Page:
Popped kernels of popcorn
Photo licensed via Freepik

What’s the best way to make microwave popcorn?

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Are there easy ways to make microwave popcorn taste better, or pop more completely?


Picking a popcorn? Start with the yum factor

For most people who think of popcorn in the context of movie theaters, only the buttery, salty richness of theater-style microwave popcorn will do. So that’s your first tip: Get the kind of popcorn you like.

Yes, it sounds really basic, but a lot of people buy the diet version and wonder why their popcorn tastes and feels like they’re eating packing peanuts. (On the other hand, some people like to keep it simple, which is certainly cool if that’s your preference.)

Why it pops

To get your popcorn right, it helps to know why it pops in the first place. The awesome science geeks at NASA once explained it like this:

“Each kernel contains a small amount of water stored in a circle of soft starch inside the hard outer casing. When heated to around 450 F, the moisture turns to steam, creating pressure within. As the pressure builds, the casing eventually gives way, and the kernel explodes and pops, allowing the water to escape as steam and turning the kernel inside out.”

Best microwave popcorn tips

Start by making sure that the bag of popcorn you’re going to microwave hasn’t passed its sell-by date. (If the date isn’t on the bag, check the box.) Having a fresh bag of popcorn will help ensure that the kernels haven’t dried out, making it impossible for them to pop.

Then you might want to consider prepping the microwave. Put 1 cup of water in a microwave-safe cup or bowl, and run it in the nuker for one minute, then take it out just before you start your bag of popcorn. This is thought to help add moisture to help more of the kernels to pop, but the logic isn’t entirely clear.

Be sure to follow the package directions — remove the outer plastic wrap, put the one bag at a time in the center of the microwave, and make sure you have the correct side up as indicated on the bag.

Before popping your corn, check the timing suggestions on your brand, but remember that not all microwaves are the same. Stand by as you cook the popcorn so you can shut it off when things slow down there’s more than second or two between pops. This might mean you microwave the bag for less time than the package suggests.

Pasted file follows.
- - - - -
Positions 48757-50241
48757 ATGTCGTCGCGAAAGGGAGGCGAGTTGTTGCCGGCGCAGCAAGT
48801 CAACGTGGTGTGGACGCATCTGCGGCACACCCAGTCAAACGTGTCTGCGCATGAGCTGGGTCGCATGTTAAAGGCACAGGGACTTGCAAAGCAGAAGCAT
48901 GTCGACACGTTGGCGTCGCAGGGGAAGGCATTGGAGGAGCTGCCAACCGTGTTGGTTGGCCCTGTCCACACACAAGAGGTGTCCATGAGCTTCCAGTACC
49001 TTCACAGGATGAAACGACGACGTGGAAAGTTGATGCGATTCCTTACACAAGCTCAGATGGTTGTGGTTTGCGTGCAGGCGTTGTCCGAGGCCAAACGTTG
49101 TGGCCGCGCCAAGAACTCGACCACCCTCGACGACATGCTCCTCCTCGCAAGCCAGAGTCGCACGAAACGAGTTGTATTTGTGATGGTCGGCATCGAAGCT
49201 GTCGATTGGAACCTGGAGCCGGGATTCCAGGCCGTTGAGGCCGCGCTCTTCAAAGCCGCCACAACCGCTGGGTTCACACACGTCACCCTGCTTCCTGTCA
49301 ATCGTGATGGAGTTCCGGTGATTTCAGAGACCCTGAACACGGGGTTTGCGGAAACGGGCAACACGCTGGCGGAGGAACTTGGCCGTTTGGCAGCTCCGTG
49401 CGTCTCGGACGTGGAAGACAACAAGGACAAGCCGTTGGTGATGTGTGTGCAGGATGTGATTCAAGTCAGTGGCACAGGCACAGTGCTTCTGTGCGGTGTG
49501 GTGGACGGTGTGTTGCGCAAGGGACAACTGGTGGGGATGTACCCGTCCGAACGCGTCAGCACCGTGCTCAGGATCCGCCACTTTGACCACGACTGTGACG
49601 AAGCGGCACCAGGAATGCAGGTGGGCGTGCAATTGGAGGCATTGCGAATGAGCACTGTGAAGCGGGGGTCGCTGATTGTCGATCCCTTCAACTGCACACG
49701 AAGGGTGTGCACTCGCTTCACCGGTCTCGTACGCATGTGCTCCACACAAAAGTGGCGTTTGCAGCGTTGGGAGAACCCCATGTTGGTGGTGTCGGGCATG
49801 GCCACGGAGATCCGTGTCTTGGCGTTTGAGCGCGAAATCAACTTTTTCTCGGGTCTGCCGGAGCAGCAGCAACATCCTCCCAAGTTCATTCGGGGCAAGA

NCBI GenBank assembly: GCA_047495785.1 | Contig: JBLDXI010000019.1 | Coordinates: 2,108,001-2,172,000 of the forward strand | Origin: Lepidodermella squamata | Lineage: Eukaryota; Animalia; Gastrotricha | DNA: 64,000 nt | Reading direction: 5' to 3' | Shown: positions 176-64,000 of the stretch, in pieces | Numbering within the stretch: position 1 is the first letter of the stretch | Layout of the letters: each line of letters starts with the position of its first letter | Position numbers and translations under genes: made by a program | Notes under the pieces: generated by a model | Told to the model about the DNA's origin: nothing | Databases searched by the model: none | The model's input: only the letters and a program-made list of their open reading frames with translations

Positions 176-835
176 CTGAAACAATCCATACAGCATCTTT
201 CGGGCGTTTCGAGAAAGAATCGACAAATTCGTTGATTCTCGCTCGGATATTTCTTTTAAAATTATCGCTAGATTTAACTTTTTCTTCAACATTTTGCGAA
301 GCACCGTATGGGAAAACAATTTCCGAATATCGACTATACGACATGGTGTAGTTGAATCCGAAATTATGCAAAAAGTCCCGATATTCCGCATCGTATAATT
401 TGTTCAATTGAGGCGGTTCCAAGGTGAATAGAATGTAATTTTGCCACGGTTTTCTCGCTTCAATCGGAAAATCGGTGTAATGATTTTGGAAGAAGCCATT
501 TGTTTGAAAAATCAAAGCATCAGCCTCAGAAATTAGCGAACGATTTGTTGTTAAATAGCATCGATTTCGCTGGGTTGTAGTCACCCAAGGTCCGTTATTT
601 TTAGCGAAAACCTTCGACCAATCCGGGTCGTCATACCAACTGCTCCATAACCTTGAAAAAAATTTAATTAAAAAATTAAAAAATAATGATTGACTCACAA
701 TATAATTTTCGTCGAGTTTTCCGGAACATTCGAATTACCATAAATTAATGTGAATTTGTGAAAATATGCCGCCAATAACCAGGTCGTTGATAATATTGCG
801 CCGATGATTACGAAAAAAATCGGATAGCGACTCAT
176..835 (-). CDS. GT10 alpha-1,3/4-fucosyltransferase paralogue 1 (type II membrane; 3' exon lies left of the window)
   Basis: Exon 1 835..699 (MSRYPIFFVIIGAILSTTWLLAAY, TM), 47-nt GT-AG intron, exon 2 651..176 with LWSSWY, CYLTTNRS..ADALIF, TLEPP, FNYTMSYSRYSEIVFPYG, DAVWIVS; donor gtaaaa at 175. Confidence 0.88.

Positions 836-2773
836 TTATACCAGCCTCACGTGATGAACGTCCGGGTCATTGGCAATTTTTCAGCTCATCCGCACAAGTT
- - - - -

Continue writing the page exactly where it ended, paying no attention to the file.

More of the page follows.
On the other hand, sometimes you might need a little more cooking time. If you think that might be the case, we recommend putting a little extra time on the timer before you start cooking it in case the bag is still actively popping when the oven was set to end. Once the popping stops, you can’t really restart it.

Shake the bag carefully when you get it out of the microwave, to evenly distribute all the salt and/or other flavor. And, of course, open the bag very carefully, because the steam can burn.

Bag of microwave popcorn
Photo by theunplannedcreative via Twenty20

Popcorn… a health food?

“Popcorn may be the perfect snack food. It’s the only snack that is 100 percent unprocessed whole grain,” said Joe Vinson, PhD, a professor of chemistry at the University of Scranton in Pennsylvania.

“One serving of popcorn will provide more than 70 percent of the daily intake of whole grain. The average person only gets about half a serving of whole grains a day, and popcorn could fill that gap in a very pleasant way.”


Researchers have discovered that the hulls of the popcorn — the part that has a tendency to get caught in the teeth — actually has the highest concentration of polyphenols and fiber.

“Those hulls deserve more respect,” said Vinson. “They are nutritional gold nuggets.”

How you prep and serve popcorn can quickly change the overall benefits, though — such as adding lots of butter (or the kind of fake butter used in many movie theaters), or pouring on the salt or sugary toppings.

While air-popped popcorn has the lowest number of calories, Vinson said, “Microwave popcorn has twice as many calories as air-popped, and if you pop your own with oil, this has twice as many calories as air-popped popcorn. About 43 percent of microwave popcorn is fat, compared to 28 percent if you pop the corn in oil yourself.”

Popcorn ratings

The choice of brands is completely a matter of personal taste, but if you’re interested in some ratings and reviews…

Microwave popcorn ratings from Real Simple:

  • Best Butter Microwave Popcorn:¬†Orville Redenbacher’s Old-Fashioned Butter
  • Best Low-Fat Microwave Popcorn:¬†Orville Redenbacher’s Organic Smart Pop! Butter
  • Best Plain Microwave Popcorn:¬†Bearitos Organic No Oil Added Lightly Salted